Cayden Nelson: "I Can Jump Now!"
When you step into the gym at Firelands Regional Medical Center Children’s S.P.O.T, it is hard to keep up with Cayden Nelson. The five-year-old Fremont boy is running around the entire room, demonstrating his favorite ways he “plays” with his therapists for two hours each week. If you can catch him, you’ll see him shooting hoops in the basketball court (his favorite!), sliding down one of several playground-type sets, walking across the balance beam or zip lining (with help from a therapist) into a child-sized ball pit that is both exhilarating and giggle-inducing for Cayden.
For anyone who doesn’t know, it is nearly impossible to perceive that Cayden was born with cerebral palsy - but this wasn’t always the case. Cayden has been enrolled in therapy programs since he was born, beginning with one at Cincinnati Children’s Hospital. When his family moved to Fremont, he began therapy there. Then, in May 2015, Cayden had surgery to straighten his right leg. His parents knew the surgery would help their son’s gait, but they also knew how important physical and occupational therapy would be in achieving maximum mobility for Cayden.
“We decided after his surgery to begin therapy at Firelands Children’s S.P.O.T,” said mom, Ashley. “His orthopedic surgeonf rom University Hospitals Rainbow Babies and Children’s Hospital recommended this program, and we’ve been seeing great progress ever since.”
Ambulatory improvement wasn’t the only goal the Nelsons had for their son. His cerebral palsy affected the entire left side of his body and his speech.
“We really wanted to hear more clarity in Cayden’s speech, especially as he entered school this year,” said dad, Chris. “We were so happy when he tested out of speech therapy last week after ten months of hard work. From a physical side, he needed more strength in his right side. He needed better range of motion and we’ve seen incredible improvement in both of those things for Cayden.”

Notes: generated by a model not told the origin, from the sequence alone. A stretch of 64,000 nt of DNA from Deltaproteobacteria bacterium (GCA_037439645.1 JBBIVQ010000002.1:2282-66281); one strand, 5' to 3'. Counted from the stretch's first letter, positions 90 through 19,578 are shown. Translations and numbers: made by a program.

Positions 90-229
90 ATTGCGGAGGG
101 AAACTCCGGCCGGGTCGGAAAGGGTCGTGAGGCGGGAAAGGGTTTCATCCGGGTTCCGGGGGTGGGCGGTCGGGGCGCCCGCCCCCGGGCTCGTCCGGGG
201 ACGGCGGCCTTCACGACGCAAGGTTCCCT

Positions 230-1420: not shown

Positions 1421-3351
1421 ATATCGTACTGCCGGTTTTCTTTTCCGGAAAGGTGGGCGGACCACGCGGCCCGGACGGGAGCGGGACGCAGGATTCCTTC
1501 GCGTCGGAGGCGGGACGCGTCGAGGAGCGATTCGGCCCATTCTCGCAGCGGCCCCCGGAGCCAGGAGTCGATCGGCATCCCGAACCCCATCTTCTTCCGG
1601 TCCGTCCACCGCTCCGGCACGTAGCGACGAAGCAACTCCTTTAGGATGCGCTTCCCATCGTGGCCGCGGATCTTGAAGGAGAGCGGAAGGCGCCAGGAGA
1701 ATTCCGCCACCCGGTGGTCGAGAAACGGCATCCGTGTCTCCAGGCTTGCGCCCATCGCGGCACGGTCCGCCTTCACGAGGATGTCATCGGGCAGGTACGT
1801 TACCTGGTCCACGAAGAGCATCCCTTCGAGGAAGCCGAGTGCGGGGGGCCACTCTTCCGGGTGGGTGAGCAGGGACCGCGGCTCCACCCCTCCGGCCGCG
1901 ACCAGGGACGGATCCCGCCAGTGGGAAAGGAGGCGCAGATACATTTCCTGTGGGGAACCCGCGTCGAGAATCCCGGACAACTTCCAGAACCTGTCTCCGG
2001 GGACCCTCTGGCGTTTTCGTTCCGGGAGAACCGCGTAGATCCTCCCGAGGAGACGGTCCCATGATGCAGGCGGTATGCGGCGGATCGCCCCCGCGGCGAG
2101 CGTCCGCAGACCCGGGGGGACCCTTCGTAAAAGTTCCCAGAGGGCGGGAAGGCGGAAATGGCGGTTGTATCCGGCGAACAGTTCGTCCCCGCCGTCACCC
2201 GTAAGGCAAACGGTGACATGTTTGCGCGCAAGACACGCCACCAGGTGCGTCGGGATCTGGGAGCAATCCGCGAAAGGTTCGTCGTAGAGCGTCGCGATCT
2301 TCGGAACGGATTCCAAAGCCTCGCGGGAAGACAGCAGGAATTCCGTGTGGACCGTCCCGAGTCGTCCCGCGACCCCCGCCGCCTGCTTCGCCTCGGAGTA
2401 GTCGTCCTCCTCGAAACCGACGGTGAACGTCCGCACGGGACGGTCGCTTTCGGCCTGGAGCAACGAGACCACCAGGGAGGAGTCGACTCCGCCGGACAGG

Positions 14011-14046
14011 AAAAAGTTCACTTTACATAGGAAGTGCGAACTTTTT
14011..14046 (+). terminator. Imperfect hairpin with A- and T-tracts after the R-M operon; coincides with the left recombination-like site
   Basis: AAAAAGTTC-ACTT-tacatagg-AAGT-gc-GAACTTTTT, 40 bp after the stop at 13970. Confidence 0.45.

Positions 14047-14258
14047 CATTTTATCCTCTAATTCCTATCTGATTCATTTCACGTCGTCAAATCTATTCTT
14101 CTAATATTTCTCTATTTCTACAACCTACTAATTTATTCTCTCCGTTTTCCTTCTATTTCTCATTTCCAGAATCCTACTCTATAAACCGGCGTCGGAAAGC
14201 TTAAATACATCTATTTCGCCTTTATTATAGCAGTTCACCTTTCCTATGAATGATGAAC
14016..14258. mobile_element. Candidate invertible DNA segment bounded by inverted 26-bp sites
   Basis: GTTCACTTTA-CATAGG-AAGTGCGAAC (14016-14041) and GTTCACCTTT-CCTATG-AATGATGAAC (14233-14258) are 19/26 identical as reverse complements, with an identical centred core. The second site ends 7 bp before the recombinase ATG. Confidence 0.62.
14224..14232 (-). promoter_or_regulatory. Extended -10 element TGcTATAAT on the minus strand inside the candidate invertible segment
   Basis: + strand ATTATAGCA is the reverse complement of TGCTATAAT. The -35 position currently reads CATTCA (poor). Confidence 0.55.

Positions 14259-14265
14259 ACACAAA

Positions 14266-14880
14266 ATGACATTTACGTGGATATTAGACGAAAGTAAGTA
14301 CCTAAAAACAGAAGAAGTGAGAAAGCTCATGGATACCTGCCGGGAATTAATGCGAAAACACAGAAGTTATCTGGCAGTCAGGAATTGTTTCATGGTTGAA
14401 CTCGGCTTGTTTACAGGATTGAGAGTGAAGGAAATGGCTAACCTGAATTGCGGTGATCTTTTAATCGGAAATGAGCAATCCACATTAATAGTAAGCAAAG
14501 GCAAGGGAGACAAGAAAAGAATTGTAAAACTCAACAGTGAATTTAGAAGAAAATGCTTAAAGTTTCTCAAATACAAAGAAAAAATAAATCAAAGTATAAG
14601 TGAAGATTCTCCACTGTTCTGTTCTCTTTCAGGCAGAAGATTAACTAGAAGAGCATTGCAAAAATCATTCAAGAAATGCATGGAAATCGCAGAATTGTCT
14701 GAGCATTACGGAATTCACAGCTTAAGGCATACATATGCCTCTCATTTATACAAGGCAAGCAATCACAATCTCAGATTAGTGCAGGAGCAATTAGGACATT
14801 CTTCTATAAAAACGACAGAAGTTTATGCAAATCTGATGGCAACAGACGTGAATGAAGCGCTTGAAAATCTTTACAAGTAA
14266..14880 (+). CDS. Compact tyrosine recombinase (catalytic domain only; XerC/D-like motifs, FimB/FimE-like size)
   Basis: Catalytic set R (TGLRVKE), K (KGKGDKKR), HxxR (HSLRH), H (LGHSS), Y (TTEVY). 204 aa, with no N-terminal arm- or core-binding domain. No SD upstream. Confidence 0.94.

Cayden’s therapy consists of one hour of occupational therapy and one hour of physical therapy per week, now that he no longer needs speech therapy. His occupational therapist works on fine motor skills with him, offering him something every five- year-old yearns for: independence.
“Ever since he was born, Cayden has been an independent person. He’s always wanted to do things himself, so it was frustrating when he needed help dressing, or holding utensils or just picking up papers,” Ashley recalled. “Now, with the help of occupational therapy, he is able to button his jeans, dress himself, do puzzles and just do everyday tasks like pick up his school papers- things we often don’t even think about. He is a lot more independent now.”
As Cayden’s family looks back on their year with Firelands Children’s S.P.O.T, they are amazed by the progress and enthused about the future for him.
“We just can’t say enough about the program here,” said Ashley. “Cayden loves coming to ‘play’ with Miss Erin, Miss Chelsea and Miss Katie. We love that he loves coming to therapy and that he is making progress.”
Chris added, “We are excited to see his continued improvement and we are so happy with the care he receives every single week.”
As Cayden jumps from the play equipment to a soft pillow on the floor, it’s easy to see what matters to him.
“I can jump now! Watch me jump!”